Small public schools risk closure if minimum headcount is adopted

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Small public schools could be at risk of closing, if the state Board of Education adopts a proposed threshold for minimum enrollment. Drawing a line at a headcount that schools must stay above to stay open is a concept that’s been developing all this year within a D.O.E. committee. But many communities that could be affected may not yet know it’s a possibility.

The Department of Education’s Committee on Weights is supposed to balance per-pupil public school funding formulas statewide. It readjusts recommendations every couple of years. This time around they’re recommending the Board of Education establish a threshold enrollment for viable small schools.

The board agenda this coming Thurs., Sept. 19, includes votes on whether to take next steps. creating a policy about the board actions that are triggered when enrollment dips too low. Actions could include closure and consolidation.

Morning committee agenda link here

Afternoon general board agenda link here

Committee on Weights recommendation materials link here

“The process is underway and now’s the time for people to weigh in,” said Sen. Gil Riviere, whose district includes parts of Windward Oahu and the North Shore. “I think it’s important that we point out the equity needs of our rural schools and along with the neighbor islanders.”

Some neighbor island schools stand to gain significant per-pupil spending under the committee proposal. But it’s unclear if that’s only at the schools big enough to stay open in the first place.

The Department of Education told KHON2 in a statement: “These recommendations will help inform the creation of policies that will guide Board and Department decisions around enrollment levels and whether or not to provide additional resources or determine that a school is no longer sustainable.”

The D.O.E. added: “The Department’s mission is to provide equitable access to a quality public education, and we strive to deliver on this as we evaluate how we fund our schools. We must ensure that we are maximizing how we use our funds to better serve our haumana, which includes modifying practices that no longer benefit the communities we serve.”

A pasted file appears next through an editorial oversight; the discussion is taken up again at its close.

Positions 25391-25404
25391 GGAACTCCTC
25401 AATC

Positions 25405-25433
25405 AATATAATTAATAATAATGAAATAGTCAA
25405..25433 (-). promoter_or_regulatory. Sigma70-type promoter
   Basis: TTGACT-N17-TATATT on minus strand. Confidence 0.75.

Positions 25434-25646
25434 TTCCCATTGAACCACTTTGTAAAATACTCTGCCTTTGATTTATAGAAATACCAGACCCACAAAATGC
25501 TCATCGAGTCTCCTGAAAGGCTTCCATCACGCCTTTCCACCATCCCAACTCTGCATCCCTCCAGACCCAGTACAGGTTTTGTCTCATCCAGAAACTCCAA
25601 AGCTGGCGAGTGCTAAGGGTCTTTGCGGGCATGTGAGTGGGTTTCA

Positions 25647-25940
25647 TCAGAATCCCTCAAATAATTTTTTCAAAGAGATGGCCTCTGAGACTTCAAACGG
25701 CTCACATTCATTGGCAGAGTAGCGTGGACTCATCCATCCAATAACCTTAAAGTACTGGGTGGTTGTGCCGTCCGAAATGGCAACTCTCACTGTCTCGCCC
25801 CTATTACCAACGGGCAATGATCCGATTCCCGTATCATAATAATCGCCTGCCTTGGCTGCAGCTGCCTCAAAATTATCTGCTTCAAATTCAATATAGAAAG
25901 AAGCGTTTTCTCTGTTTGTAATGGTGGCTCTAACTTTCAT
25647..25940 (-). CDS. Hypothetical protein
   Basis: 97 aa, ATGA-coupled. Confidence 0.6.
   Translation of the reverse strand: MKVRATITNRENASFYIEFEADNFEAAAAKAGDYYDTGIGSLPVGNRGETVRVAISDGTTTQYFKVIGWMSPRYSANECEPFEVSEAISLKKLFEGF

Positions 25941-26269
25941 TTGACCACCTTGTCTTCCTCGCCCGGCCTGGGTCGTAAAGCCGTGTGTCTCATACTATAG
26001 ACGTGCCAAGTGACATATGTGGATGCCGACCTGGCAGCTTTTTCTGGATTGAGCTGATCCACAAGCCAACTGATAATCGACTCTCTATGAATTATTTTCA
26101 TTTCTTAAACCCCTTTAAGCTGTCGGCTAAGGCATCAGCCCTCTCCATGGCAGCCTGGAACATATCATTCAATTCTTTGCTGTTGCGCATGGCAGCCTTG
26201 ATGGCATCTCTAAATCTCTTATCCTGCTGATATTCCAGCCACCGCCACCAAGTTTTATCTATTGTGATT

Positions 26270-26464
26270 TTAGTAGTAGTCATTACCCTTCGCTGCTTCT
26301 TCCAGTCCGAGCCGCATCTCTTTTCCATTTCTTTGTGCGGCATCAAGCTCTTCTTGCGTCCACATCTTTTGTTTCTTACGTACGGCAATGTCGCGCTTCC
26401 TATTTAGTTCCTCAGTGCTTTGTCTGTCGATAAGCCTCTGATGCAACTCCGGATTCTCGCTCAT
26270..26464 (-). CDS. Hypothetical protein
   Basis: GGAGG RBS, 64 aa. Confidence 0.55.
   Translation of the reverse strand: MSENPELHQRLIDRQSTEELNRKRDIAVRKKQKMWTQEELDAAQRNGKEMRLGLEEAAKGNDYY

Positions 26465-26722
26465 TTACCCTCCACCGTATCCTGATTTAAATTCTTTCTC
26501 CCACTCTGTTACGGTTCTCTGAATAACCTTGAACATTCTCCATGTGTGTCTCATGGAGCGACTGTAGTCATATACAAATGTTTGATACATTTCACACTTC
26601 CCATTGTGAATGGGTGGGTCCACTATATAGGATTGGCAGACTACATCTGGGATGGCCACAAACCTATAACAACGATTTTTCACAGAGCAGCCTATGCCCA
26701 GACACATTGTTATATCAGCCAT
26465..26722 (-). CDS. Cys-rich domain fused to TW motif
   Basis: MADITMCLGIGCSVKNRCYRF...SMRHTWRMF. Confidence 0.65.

But which schools, in what communities? No specific schools have been named for closure. But we’ve learned based on weights committee discussions and minutes that headcounts as high as 400 have been floated as a cutoff. More suggestions hover at 250 or below.

That alarms schools in Windward Oahu, an area that has the most sites under that size. Educators at rural windward schools are asking communities statewide to pay attention.

“All of a sudden it’s happening, so why couldn’t it happen to you, too?” said Hilary White, a Kaaawa Elementary School teacher. “It could happen to you, too.”

Kaaawa and Waiahole elementary schools have already started the Small School Coalition, with a first meeting next week Thurs., Sept. 26, at 5:30 p.m. at the Waiahole cafeteria. The goal is to help the community know what’s going on before a policy passes the point of no return.

“Write to your legislator, write to the B.O.E., write to whomever you can to let them know that we need to fund small schools,” White said. “Are we going to have mega schools like we’re having mega homes?”

Riviere says consolidation isn’t even feasible in rural Windward Oahu

“We went through this a few years ago with an earlier effort to consolidate schools and it was shown that Waiahole and Kaaawa are very important for their communities, that the nearest schools 10 miles in either direction can’t accommodate those students if they were to be closed,” Riviere said. “I would point out an example that Haleiwa Elementary was on the chopping block and they not only were saved but their population is double now what it was just a few years ago.”

KHON2 asked, how did Haleiwa do it?

“The community was really strong, the community came out and said this is a viable school, it’s an important school,” Riviere said, “and there’s been a great turnaround. It’s one of the great success stories.”

Kaaawa and Waiahole schools — each over a century old — have fended off consolidation before but aren’t letting their guard down.

“We’re never like, OK that’s over it’s done,” White said. “It’s a constant elephant in the room.”

Kaaawa’s headcount this year is 122. Waiahole has just 86.

KHON2 asked, to those in the doe or elsewhere who would say, but there comes a number at which a school just isn’t sustainable anymore, what would they say?

“I would suggest that they re-check those numbers,” White said. “For one if we you drive around our community there are houses coming up, there are families moving in.”

“I’ve talked to teachers at bigger schools and at the end of the year they’re going oh we have all this money that we need to spend right now, what are we going to do?” White said “And we feel like we’re looking under the car seat and in the couch cushions and everywhere  else. Our school is here. It’s in our community. Fund it.”

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